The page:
The first and at the same time very important step to a legal employer-employee relationship in your household is to sign up your cleaner at the old age and survivors’ insurance (AHV). We explain why you have to register your cleaner at the AHV and what must be considered.
*AVS (fr.): Assurance-vieillesse et survivants
If you employ a domestic help or cleaner at home, you automatically become an employer. Hence, if you are an employer of a cleaner, you certainly have to register her/him at the AHV scheme. Each employer-employee relationship is required to be signed up in any case in Switzerland. (This requirement doesn’t depend on neither the total wage bill nor the activity rate of the employee.)
Cleaners and the AHV contribution rate
On top of the registration as an employer at the AHV scheme, each employer has to pay a contribution to the AHV for the employed cleaner and to take out an accident insurance. Moreover, every paid activity is liable for contributions.
Next to the contribution to the AHV scheme employers and employees pay additional fees which are compulsory such as:
- Disability insurance (IV)
- Compensation system for loss of earned income during military service, civil service, community service or maternity (EO)
- Unemployment insurance (ALV)
- Family equalization fund (FAK)
- Accident insurance (UVG)
- Pension fund (BVG / 2nd pillar) (from a monthly salary over CHF 1’777.50 per month or over CHF 21’330 per year, a nanny or domestic help needs to be registered at the pension fund)
- Sick pay insurance (KTG) (optional, but often completed and protects employees from loss of salary due to illness)
The gross salary results as a base for the calculation of the social security contribution rates. Therefore, it is recommended to agree on a gross salary for the cleaner by contract. Employee’s contributions such as AHV etc. are then deducted from the gross salary. Hence, the net wage – also called cash wage – equals the salary, which is payed to the cleaner. With the help of our wage calculator you can simply calculate the salary of your cleaner or domestic help while taking into account all deductions.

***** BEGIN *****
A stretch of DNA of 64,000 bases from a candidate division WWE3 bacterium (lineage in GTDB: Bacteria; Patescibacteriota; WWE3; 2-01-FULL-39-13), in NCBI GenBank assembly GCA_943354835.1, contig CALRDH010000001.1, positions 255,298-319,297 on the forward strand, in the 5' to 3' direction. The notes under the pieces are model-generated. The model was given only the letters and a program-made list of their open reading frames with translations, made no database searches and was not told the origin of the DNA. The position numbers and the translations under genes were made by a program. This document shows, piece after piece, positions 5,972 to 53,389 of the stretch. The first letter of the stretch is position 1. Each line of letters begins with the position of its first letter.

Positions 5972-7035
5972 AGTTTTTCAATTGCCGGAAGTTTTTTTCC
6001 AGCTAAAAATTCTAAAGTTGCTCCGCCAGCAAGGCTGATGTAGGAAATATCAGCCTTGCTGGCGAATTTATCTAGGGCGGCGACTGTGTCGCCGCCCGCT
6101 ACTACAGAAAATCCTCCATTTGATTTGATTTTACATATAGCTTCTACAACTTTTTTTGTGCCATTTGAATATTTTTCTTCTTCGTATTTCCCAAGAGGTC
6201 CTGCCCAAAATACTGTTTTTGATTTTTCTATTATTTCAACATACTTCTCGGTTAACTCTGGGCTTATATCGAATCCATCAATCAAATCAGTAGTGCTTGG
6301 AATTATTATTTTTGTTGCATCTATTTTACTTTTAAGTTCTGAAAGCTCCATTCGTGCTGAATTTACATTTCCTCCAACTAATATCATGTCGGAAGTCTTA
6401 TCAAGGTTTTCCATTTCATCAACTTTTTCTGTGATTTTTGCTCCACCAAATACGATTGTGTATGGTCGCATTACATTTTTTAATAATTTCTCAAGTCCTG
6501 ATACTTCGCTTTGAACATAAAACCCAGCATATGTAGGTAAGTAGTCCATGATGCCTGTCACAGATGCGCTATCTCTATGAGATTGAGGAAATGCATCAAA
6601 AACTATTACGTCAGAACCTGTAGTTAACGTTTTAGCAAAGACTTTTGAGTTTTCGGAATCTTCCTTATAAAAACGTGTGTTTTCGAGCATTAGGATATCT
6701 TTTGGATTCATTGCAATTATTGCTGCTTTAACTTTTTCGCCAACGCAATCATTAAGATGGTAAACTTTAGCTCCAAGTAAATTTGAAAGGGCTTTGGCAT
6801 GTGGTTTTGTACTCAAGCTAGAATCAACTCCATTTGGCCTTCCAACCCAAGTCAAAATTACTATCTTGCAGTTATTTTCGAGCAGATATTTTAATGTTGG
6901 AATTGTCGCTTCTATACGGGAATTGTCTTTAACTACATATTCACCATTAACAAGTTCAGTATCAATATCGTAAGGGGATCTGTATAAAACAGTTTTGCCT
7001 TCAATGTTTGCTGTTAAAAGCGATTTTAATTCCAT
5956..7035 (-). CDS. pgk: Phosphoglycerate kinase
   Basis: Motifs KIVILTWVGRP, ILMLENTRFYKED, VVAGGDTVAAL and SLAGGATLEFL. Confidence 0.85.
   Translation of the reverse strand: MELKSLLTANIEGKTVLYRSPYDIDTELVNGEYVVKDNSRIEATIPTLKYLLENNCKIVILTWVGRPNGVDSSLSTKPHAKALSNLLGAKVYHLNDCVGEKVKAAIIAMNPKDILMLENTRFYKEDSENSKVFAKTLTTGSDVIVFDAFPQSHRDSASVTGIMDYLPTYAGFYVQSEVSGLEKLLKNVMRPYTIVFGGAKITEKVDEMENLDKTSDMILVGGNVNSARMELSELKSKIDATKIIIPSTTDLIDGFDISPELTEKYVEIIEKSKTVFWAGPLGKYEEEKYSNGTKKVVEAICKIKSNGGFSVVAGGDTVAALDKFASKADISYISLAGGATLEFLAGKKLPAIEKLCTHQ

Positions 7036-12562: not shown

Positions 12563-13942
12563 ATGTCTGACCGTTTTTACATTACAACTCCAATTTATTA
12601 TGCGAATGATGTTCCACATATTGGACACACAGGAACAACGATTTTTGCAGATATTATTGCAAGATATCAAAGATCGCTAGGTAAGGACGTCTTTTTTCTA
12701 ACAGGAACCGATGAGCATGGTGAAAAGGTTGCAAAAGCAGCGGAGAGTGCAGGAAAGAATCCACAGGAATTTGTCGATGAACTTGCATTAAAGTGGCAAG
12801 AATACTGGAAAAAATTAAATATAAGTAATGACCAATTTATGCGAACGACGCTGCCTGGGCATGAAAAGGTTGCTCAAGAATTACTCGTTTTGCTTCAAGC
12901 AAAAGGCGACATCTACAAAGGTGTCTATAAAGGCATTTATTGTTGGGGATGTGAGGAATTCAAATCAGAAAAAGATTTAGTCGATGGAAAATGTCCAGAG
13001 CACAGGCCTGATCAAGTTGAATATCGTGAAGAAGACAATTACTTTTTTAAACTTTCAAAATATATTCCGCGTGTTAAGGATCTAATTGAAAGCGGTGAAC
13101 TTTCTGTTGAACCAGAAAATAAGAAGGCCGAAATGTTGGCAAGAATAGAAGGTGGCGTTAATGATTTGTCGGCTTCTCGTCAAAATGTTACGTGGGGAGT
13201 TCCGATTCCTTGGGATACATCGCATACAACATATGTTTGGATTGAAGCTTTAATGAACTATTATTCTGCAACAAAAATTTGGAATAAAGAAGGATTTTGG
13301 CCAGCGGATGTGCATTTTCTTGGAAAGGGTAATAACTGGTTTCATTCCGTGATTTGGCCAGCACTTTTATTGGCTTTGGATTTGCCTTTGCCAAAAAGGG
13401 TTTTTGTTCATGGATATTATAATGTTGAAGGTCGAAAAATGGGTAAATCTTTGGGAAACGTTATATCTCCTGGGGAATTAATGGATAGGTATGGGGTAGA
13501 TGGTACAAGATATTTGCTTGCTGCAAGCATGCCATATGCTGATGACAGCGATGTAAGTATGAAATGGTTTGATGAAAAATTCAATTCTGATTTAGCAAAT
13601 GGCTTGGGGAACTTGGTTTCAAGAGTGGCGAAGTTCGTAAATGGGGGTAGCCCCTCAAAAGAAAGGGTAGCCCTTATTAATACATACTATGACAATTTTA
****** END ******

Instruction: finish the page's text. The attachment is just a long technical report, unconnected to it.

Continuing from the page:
Two different billing procedures of the AHV scheme for cleaners
The simplified billing procedure has been specifically developed for cleaners and domestic workers. With this procedure, the earned income will be taxed directly at a flat rate of 5%, independent of the resident status or nationality of the employee. This simplified billing procedure can only be applied for cleaners and domestic help earning less than a gross salary of CHF 1’777.50 per month or CHF 21’330 per year. If the aforementioned criteria for the employment via a simplified billing procedure do not apply in the specific case, the related employer-employee relationship needs to be registered via an ordinary billing procedure. The both billing procedures differ in such a way that in the latter a possible withholding tax has to be deducted directly through the cantonal tax office.
By the way: in our glossary. we explain the most important labour-law-foundations and terms in detail. quitt.ch is the perfect partner for anyone who wants to save a lot of time and effort in registering a cleaner or domestic worker. quitt.ch takes care of the registration and accounting with AHV, offers a cheap accident insurance and provides all important documents such as the monthly pay statements and a professional employment contract.
Exceptions for the AHV registration of your cleaner or domestic worker
There is an exemption clause for cleaners and domestic help who have already reached legal retirement age age (women aged 64, men aged 65) which is constituted in the tax free amount of CHF 1’400 per month or CHF 16’800 per year. Contributions to AHV, IV and EO only have to be paid for salaries over this tax free amount. Moreover, unemployment insurance (ALV) is completely eliminated at retirement age.
A further exception with regard to the AHV registration applies to private domestic employees (thus also cleaners) under the age of 26. Anyone employed in a private household earning less than CHF 750 per year are exempt from the contribution rate. Generally, this is especially true for domestic employees such as babysitters. However, apart from a small number of exceptions the annual income of a cleaner is much higher than only CHF 750 per year.
It cannot be repeated often enough that: anyone who registers her or his cleaner correctly, protects itself from heavy penalties and liability cases in the event of an accident. Moreover, it gives NO OPPORTUNITY to black labour in housekeeping and creates FAIR working conditions for its employees at home!